This debate always starts by conflating three things into two, and then goes downhill from there. :-( It isn't
(a) safe/slow vs.
(a) unsafe/incorrect value on overflow/fastest/unifiable* vs.
(b) safe/error on overflow/fast/unifiable vs.
(c) safe/promoting on overflow/slow/not-unifiable
*unifiable: able to deliver same semantics for primitives and objects
We have thought about this quite a bit, and an argument from one axis only (e.g safe/unsafe) that doesn't even mention some of the other axes is not likely to be persuasive. Would be more interesting to see a new axis we haven't thought of...
The spreadsheet example may be a useful one. Clojure is a language you could write a spreadsheet in. Would you want to use a spreadsheet written entirely in a JVM language that did not provide access to the primitives?
> Now we face the choice of putting limits on what our users can do, use
> a different set of operators, or decide that we "want" BigInts. Again,
> this isn't about wanting bigints, that's a red herring. Part of the
> problem is the complex, confusing, and sometimes quite mysterious Type
> System that's been creeping into Clojure for the sake of performance.
Clojure is not getting a type system. nor is the behavior in 1.3 complex. It can be confusing, because it is addressing a multifaceted problem, and it certainly is mysterious, because (1) we haven't spent enough effort documenting it, and (2) lots of people have misdocumented it.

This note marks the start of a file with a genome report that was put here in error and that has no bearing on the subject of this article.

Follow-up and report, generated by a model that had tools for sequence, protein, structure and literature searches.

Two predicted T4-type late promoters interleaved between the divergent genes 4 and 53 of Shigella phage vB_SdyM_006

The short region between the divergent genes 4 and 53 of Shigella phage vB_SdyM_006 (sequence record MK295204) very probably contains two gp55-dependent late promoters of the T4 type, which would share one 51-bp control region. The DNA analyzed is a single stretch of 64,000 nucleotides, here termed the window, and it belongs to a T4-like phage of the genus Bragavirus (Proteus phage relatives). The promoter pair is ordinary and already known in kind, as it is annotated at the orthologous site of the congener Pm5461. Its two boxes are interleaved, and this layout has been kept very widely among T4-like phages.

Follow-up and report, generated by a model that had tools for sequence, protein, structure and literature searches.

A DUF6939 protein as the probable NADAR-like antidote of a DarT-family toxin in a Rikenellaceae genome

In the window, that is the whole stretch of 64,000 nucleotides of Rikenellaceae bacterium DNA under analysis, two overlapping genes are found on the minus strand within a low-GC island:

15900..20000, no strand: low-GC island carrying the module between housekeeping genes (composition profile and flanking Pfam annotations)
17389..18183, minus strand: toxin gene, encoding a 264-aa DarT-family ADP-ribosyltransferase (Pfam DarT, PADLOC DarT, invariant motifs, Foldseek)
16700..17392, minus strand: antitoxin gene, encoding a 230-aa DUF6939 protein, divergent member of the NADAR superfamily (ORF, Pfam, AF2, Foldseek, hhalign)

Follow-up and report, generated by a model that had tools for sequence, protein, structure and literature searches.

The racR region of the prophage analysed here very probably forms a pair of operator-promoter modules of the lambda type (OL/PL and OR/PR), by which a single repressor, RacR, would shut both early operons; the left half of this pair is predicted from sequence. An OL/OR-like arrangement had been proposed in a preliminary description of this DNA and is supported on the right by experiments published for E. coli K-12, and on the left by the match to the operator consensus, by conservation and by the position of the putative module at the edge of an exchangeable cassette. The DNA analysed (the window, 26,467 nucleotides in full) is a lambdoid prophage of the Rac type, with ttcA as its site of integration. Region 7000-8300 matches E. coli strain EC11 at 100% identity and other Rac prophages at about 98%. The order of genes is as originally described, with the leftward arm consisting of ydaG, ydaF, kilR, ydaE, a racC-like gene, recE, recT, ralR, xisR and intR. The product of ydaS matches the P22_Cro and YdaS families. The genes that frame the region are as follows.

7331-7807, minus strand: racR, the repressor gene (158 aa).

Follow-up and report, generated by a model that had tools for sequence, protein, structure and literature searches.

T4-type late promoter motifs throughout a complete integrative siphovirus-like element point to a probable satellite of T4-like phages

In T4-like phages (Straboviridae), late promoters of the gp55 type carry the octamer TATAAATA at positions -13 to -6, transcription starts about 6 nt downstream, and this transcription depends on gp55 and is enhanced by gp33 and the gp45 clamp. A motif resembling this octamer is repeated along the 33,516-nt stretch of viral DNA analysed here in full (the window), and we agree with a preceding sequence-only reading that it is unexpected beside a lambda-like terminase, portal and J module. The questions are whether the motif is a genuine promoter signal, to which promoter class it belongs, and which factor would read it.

I'll make a documentation update higher priority; hopefully that will help.
> Another is the conflicted attitude of being an untyped language: a
> kind of guilty pleasure with the remorse it brings of all those
> reflective calls and boxing/unboxing, whose negative effects on
> performance supposedly makes the language lose credibility.
The Clojure design process is not about achieving credibility, it is about solving problems. Credibility has followed, and will continue to follow, to the extent that Clojure solves problems well.
Here's an axis that hasn't gotten much discussion: How evident is the
behavior of Clojure code, and what features help and hinder this
Clojure is a dynamically typed language, which means that generally
speaking, it is not obvious what the type of a given variable is,
since there aren't annotations immediately prior to the variable
telling you what it must be. Similarly, a Clojure IDE does not offer
any way to to "hover" over a variable and see what the type is. There
is a lot of freedom that comes with this, but the cost is that a
dynamic programmer must be careful to document in some way what kinds
of things are acceptable inputs, and what kinds of promises are made
of the outputs. The compiler can't check this, so it's up to the